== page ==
Deadly Taliban attack in Afghan capital casts shadow on peace deal
KABUL (Reuters) – A Taliban attack on a housing complex used by international organisations in the Afghan capital, Kabul, late on Monday killed at least 16 people and angered local residents who demanded the heavily fortified compound be moved.
The blast, which shook buildings several kilometres away, happened just as Zalmay Khalilzad, the special U.S. envoy for peace in Afghanistan, was outlining details of a draft accord with the insurgents in a television interview.
Following major Taliban attacks on two northern cities over the weekend, the bombing of the Green Village compound in a mixed business and residential area added to questions around the peace deal reached between U.S. and Taliban negotiators in the Qatari capital, Doha.
Habib Jan, who was in his house nearby when the blast occurred, said the area has been attacked repeatedly and many residents wanted the compound, used by foreign staff of international groups including aid organizations, moved.
“This isn’t once or twice, it’s the fourth or fifth time, all by the Taliban. A lot of my friends, a lot of my family have been wounded or killed,” he said, as smoke spiralled into the sky from burning tyres lit by protesters demanding that the complex be moved.
“Our young people have been killed, our children have been killed, our old men have been killed, our girls have been killed. What can we do?”
Interior ministry spokesman Nasrat Rahimi said the blast was caused by a tractor packed with explosives but armed attackers, who planned to follow up the blast, were killed by security forces.
He said around 400 foreign nationals were evacuated from the heavily protected site, located off a major road in an area of houses and shops.
Like other compounds built to house the thousands of foreign contractors and agency staff who work in Kabul, Green Village is a fortified complex of concrete blast walls and steel gates protected by armed guards.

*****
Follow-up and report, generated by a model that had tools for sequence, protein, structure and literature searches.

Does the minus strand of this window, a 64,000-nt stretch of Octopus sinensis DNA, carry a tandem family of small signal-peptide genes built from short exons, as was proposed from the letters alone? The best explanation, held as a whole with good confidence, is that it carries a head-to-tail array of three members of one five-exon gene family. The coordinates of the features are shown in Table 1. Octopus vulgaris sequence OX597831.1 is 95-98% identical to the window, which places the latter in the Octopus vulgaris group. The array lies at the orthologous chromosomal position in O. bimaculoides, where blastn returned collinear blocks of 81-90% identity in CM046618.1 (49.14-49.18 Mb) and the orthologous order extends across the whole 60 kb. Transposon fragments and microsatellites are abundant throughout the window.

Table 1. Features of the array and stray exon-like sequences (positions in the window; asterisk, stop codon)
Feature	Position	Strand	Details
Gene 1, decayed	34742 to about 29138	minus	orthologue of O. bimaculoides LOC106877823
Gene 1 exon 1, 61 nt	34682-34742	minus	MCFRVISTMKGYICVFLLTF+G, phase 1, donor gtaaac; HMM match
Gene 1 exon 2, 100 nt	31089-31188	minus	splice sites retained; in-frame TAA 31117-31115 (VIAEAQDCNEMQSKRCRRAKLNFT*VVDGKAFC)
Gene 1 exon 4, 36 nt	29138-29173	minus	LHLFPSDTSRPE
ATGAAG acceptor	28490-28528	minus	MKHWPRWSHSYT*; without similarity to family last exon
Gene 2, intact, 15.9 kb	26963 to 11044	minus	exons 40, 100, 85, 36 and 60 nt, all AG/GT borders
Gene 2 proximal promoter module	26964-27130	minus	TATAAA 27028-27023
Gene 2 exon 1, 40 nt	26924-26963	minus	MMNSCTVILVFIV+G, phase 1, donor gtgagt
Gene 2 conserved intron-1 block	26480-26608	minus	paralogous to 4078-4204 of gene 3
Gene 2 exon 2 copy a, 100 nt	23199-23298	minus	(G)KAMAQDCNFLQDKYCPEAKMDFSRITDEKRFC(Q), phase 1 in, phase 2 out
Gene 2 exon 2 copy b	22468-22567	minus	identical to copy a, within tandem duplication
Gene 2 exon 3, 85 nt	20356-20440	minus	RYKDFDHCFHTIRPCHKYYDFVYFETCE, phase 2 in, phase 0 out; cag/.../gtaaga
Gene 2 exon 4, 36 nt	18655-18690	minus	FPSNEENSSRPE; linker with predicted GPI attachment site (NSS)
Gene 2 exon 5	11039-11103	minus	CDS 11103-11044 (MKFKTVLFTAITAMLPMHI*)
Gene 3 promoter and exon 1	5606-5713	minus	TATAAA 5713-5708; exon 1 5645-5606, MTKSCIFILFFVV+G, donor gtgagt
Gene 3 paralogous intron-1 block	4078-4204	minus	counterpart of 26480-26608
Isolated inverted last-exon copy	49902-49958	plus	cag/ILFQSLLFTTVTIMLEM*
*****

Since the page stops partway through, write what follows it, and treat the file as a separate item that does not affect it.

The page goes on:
While such compounds have been attacked repeatedly over the years, the main victims are often Afghan civilians living in the surrounding area.
The timing of the attack, as Khalilzad’s interview was still being broadcast, appeared to be deliberate, with Taliban spokesman Zabihullah Mujahid declaring the blast had destroyed rooms and offices and caused countless casualties among “invaders”.
“Enemy claims of civilian losses are false as no civilians were allowed close to the site of the attack,” he said in a tweet.
Khalilzad, a veteran Afghan-born diplomat who has been leading U.S. negotiations, said almost 5,000 U.S. troops would be pulled out and five bases closed in exchange for Taliban guarantees that Afghanistan would not be used as a base for militant attacks on the United States and its allies.
But the deal did not include a formal ceasefire and Monday’s attacks, as well as major assaults on the northern cities of Kunduz and Pul-e Khumri, underlined doubts about whether it would lead to an end to violence.
On the other side, officials in the southern province of Helmand, one of the Taliban’s main strongholds, said 15 insurgents, including the commander and deputy commander of a special operations unit, were killed by U.S. air strikes.